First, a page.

Tory leader pushes economic themes

Ontario Progressive Conservative Leader Tim Hudak stuck to familiar themes of the economy and job growth as the keynote speaker at Thursday’s annual general meeting of the Windsor-Essex Regional Chamber of Commerce at the Caboto Club.

“There are too many political leaders that seem to think manufacturing is in the past,” said Hudak, who examined St. Clair College’s trade programs before making his speech.

“They use terms like ‘It’s a sunset industry.’ I don’t believe it. My Ontario is always going to be one that builds things.

“It’s helped build our middle class. If you lose sight of that, you lose jobs and undermine our middle class.” With the Queen’s Park legislature shut down, Hudak has had plenty of time to travel the province taking the public’s temperature. Hudak said the feedback he’s getting from Ontarians tells him the battleground for the next election is going to be economics.

“Whether I’m in Windsor, Niagara or whatever corner I’m in, people are worried about jobs,” Hudak said.

“They’re worried about our economy and the drift they see in government. They’re looking for change.”

Hudak pounded that point home Thursday.

Balancing the budget, lowering taxes, pursuing freer trade both inside and outside Canada and addressing the skilled-labour shortage were the major planks on which he built his argument.

The skilled-labour issue was a particular favourite with local tool and die and mould-making firms turning down business because of a lack skilled employees.

“There are thousands of skilled-trade jobs that are open today,” Hudak said. “Companies that actually want to expand and invest, but can’t find the people to do so.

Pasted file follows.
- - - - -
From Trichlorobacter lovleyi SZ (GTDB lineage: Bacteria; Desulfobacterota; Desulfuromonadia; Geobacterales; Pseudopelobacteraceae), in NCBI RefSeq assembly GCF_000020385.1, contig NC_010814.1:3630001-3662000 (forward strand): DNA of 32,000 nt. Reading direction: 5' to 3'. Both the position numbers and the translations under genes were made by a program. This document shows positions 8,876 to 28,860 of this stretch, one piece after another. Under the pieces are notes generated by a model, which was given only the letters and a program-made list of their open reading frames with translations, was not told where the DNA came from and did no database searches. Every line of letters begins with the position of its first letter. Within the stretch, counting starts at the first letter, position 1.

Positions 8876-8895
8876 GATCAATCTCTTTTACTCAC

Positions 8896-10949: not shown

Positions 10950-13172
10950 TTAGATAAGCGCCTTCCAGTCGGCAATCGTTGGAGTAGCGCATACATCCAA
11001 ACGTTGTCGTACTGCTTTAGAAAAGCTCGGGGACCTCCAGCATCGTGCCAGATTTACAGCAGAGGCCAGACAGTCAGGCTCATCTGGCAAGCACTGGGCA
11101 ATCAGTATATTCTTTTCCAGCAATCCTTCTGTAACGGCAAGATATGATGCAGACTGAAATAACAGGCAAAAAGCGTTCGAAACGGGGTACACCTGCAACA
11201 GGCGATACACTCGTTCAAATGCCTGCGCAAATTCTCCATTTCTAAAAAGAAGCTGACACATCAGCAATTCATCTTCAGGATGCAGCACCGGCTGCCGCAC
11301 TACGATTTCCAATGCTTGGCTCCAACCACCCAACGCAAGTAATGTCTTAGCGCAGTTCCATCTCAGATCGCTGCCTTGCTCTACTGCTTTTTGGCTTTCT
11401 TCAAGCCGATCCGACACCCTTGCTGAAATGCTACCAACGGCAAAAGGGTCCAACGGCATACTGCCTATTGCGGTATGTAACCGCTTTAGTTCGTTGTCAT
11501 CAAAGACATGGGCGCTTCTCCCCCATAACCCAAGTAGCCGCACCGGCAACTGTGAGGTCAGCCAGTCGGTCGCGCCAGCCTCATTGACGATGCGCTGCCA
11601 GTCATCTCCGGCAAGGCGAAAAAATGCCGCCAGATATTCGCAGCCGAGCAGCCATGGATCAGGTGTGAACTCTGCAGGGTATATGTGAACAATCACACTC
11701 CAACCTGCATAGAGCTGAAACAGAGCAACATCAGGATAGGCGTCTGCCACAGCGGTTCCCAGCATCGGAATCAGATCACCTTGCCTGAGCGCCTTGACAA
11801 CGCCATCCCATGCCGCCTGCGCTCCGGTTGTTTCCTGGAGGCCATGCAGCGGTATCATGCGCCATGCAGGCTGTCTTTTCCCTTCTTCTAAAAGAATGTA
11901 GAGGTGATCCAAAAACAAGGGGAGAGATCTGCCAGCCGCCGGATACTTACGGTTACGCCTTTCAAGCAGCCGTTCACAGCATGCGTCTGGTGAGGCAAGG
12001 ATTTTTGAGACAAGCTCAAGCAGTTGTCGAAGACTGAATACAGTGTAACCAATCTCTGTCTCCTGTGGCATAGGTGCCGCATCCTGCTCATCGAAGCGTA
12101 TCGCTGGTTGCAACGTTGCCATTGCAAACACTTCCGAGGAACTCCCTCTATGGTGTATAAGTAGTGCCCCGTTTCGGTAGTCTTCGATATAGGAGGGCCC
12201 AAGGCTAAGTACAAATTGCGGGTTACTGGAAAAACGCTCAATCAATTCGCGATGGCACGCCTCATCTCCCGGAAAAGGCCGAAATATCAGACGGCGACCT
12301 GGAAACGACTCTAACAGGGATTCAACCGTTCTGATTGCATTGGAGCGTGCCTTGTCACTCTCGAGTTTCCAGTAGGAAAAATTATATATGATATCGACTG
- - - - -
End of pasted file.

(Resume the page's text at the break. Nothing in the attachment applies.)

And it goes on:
“The problem is we have a government which has policies that are stuck back in the 1970s. We need to move our labour laws into the 21st century, work with our colleges like St. Clair.

“We have a plan that will create 200,000 skilled-trades jobs.”

In addition to revamping the province’s apprenticeship programs and doing a better job of informing students about potential careers in the skilled trades, Hudak said he’ll hack away at the red tape holding up training.

The first thing to go would be the proposed College of Trades, which would regulate skilled trades in the province.

“A Progressive Conservative government would eliminate the College of Trades,” Hudak said. “We don’t need more rules and taxes.”

Hudak said there are also still too many trade barriers in place.

He feels work needs to be done on improving the trade relationship with the Americans but, just as importantly, the internal barriers within Canada need to be breached.

For a start, he would attempt to become part of the New West Partnership between B.C., Alberta and Saskatchewan, which has created a free-trade zone among the three provinces. “It’s hard to believe we have trade barriers between provinces,” Hudak said.

“In areas like Windsor and Sarnia, tremendous jobs are to be gained from partnerships with Alberta and Saskatchewan in the oilsands or potash.

“Trade barriers cost us $6 billion. That’s a lot of lost jobs.”

However, Hudak said all these plans will be for naught if the province doesn’t get a handle on its fiscal situation.

He warned Ontario is drifting ever closer to the tipping point where the province becomes an economic basket case like Greece.

Source: The Windsor Star by Dave Waddell, Nov 16, 2012